Mount Olympus from the west
|Elevation||2,918 m (9,573 ft)|
|Prominence||2,355 m (7,726 ft)|
|Listing||Country high point
|Range||Macedonia and Thessaly, near the Gulf of Salonika|
|First ascent||2 August 1913
Christos Kakalos, Frederic Boissonnas and Daniel Baud-Bovy
|Easiest route||Hike, some rock scramble|
Mount Olympus (/, /; Greek: Όλυμπος; also transliterated as Olympos, and on Greek maps, Oros Olympos) is the highest mountain in Greece and the second highest mountain in the Balkans. It is located in the Olympus Range on the border between Thessaly and Macedonia, between the prefectures of Pieria and Larissa, about 80 km (50 mi) southwest from Thessaloniki. Mount Olympus has 52 peaks, deep gorges, and exceptional biodiversity. The highest peak Mytikas, meaning "nose", rises to 2,917 metres (9,570 ft). It is one of the highest peaks in Europe in terms of topographic prominence.
Olympus was notable in Ancient Greek Mythology as the home of the Twelve Olympians, on the Mytikas peak. Mount Olympus is also noted for its very rich flora with several species. It has been the first National Park of Greece, since 1938, and a World's Biosphere Reserve.
Every year thousands of people visit Olympus to admire its nature, to tour its slopes, and reach its peaks. Organized mountain refuges and various mountaineering and climbing routes are available to visitors, who want to explore its nature. The usual starting point for it is the town of Litochoro, on the eastern foothills of the mountain, 100 km from Thessaloniki, where, in the beginning of every summer, the Mountain Olympus Marathon terminates.
|This section does not cite any references or sources. (March 2014)|
The shape of Olympus was formed by rain and wind, which produced an isolated tower almost 3,000 metres (9,800 ft) above the sea, which is only 18 kilometres (11 mi) away at Litochoro. Olympus has many peaks and an almost circular shape.
The mountain has a circumference of 150 kilometres (93 mi), an average diameter of 26 kilometres (16 mi), and 600 square kilometres (230 sq mi) of area. To the northwest lies the Vlach village of Kokkinoplou. The Makryrema river separates Olympus from the massif of Voulgara. The villages Petra, Vrontou and Dion lie to the northwest, while on the eastern side there is the town of Litochoro, where Enipeas bisects the massif of Olympus. On its southeastern side, the Ziliana gorge divides Mount Olympus from Kato Olympos (Lower Olympus), while on its southwestern foothills, there are the villages Sykaminea and Karya. The Aghias Triadas Sparmou Monastery and the village Pythion lie to the west.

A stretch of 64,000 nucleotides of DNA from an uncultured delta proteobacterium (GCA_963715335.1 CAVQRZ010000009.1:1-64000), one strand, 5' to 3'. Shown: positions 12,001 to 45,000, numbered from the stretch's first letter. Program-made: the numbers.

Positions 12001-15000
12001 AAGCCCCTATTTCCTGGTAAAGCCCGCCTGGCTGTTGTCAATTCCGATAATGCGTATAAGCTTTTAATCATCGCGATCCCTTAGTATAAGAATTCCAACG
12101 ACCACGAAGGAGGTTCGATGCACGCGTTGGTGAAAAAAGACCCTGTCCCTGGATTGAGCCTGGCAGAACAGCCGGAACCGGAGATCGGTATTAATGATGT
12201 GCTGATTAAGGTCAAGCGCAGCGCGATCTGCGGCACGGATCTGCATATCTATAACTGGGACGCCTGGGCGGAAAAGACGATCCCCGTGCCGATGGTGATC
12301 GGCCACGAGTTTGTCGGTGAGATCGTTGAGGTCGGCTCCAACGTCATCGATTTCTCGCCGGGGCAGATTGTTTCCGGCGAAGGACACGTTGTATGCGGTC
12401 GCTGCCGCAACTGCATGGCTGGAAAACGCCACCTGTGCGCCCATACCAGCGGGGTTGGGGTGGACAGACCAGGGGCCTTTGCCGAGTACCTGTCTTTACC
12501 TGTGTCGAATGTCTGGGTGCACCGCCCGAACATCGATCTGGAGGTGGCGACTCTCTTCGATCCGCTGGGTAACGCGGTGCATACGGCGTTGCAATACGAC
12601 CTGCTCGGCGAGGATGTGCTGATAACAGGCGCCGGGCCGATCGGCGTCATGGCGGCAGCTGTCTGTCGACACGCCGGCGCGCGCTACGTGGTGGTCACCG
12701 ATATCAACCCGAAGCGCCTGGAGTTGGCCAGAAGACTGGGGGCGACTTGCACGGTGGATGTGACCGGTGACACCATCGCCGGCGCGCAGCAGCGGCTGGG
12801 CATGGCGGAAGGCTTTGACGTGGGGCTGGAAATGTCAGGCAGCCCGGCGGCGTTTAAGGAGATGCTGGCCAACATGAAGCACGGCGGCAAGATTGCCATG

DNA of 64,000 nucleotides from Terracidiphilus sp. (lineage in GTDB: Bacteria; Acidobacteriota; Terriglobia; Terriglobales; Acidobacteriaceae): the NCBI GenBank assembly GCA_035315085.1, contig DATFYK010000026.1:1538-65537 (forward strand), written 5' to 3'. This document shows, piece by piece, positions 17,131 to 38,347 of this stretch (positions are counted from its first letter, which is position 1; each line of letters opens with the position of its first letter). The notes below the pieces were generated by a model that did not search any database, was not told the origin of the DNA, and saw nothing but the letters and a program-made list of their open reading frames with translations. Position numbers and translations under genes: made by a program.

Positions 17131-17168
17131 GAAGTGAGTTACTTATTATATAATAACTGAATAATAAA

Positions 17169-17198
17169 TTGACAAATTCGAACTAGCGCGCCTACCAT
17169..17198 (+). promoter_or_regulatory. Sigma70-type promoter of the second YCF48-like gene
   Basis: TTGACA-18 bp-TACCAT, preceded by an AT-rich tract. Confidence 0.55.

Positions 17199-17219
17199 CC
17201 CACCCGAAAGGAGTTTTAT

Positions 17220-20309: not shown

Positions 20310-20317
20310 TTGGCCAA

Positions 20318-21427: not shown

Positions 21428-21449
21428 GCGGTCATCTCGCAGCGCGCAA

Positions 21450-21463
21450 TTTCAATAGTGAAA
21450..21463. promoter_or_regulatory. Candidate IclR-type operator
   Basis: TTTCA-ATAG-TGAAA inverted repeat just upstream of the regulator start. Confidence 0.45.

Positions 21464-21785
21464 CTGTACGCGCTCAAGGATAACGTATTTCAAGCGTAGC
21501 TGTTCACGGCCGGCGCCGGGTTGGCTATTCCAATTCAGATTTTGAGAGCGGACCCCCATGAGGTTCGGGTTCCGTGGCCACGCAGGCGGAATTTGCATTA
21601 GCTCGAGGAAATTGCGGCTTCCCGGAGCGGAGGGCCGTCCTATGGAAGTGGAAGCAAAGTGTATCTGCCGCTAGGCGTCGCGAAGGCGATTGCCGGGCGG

Olympus is one of the relatively later mountains of Greece, as it is estimated that the age of its main rock formations is no more than 20 milion years, when the greatest part of Greece (and the Mediterranean Sea) was in the bottom of a shallow sea, where the main materials were deposited , that later formed the current rock formations. Various geological events that followed caused the emergence of the whole region and the sea. 1.000.000 years ago glaciers covered Olympus and created its plateaus and depressions. With the temperature rise that followed the ice was melted and the streams that were created swept away large quantities of crushed rock in the lowest places, forming the alluvial fans, that spread out all over the region from the foothills of the mountain to the sea.
History and mythology
There are multiple theories for the origin of the name: "sky", "bright", "high", "rock". One theory holds that Olympus is a prehellenic toponym that simply means "mountain". In Turkish, the mountain is known as "Semavatevi", meaning "heavens' house".
In Greek mythology Olympus was the home of the Twelve Olympian gods of the ancient Greek world. In myth, Olympus formed after the gods defeated the Titans in the Titan War, and soon the place was inhabited by the gods. It is the setting of many Greek mythical stories.
Climbing Mount Olympus is a non-technical hike, except for the final section from Skala summit to Mytikas summit, which is YDS class 3 rock scramble. It is estimated that 10,000 people climb Mount Olympus each year, most of them reaching only the Skolio summit.
Most climbs to Mount Olympus start from the town of Litochoro, which took the name City of Gods because of its location on the roots of the mountain. A local from Litochoro, Christos Kakalos, became the first to reach the Mytikas summit on 2 August 1913. From there a road goes to Prionia, where the hike begins at the bottom of the mountain.
Mount Olympus and the national Park around it were selected as the main motif for the Greek National Park Olympus commemorative coin, minted in 2005. On the reverse, the War of the Titans on Mount Olympus is portrayed along with flowering branches on the lower part of the coin. Above the scene is written, in Greek, "National Park Olympus".
|Wikimedia Commons has media related to:|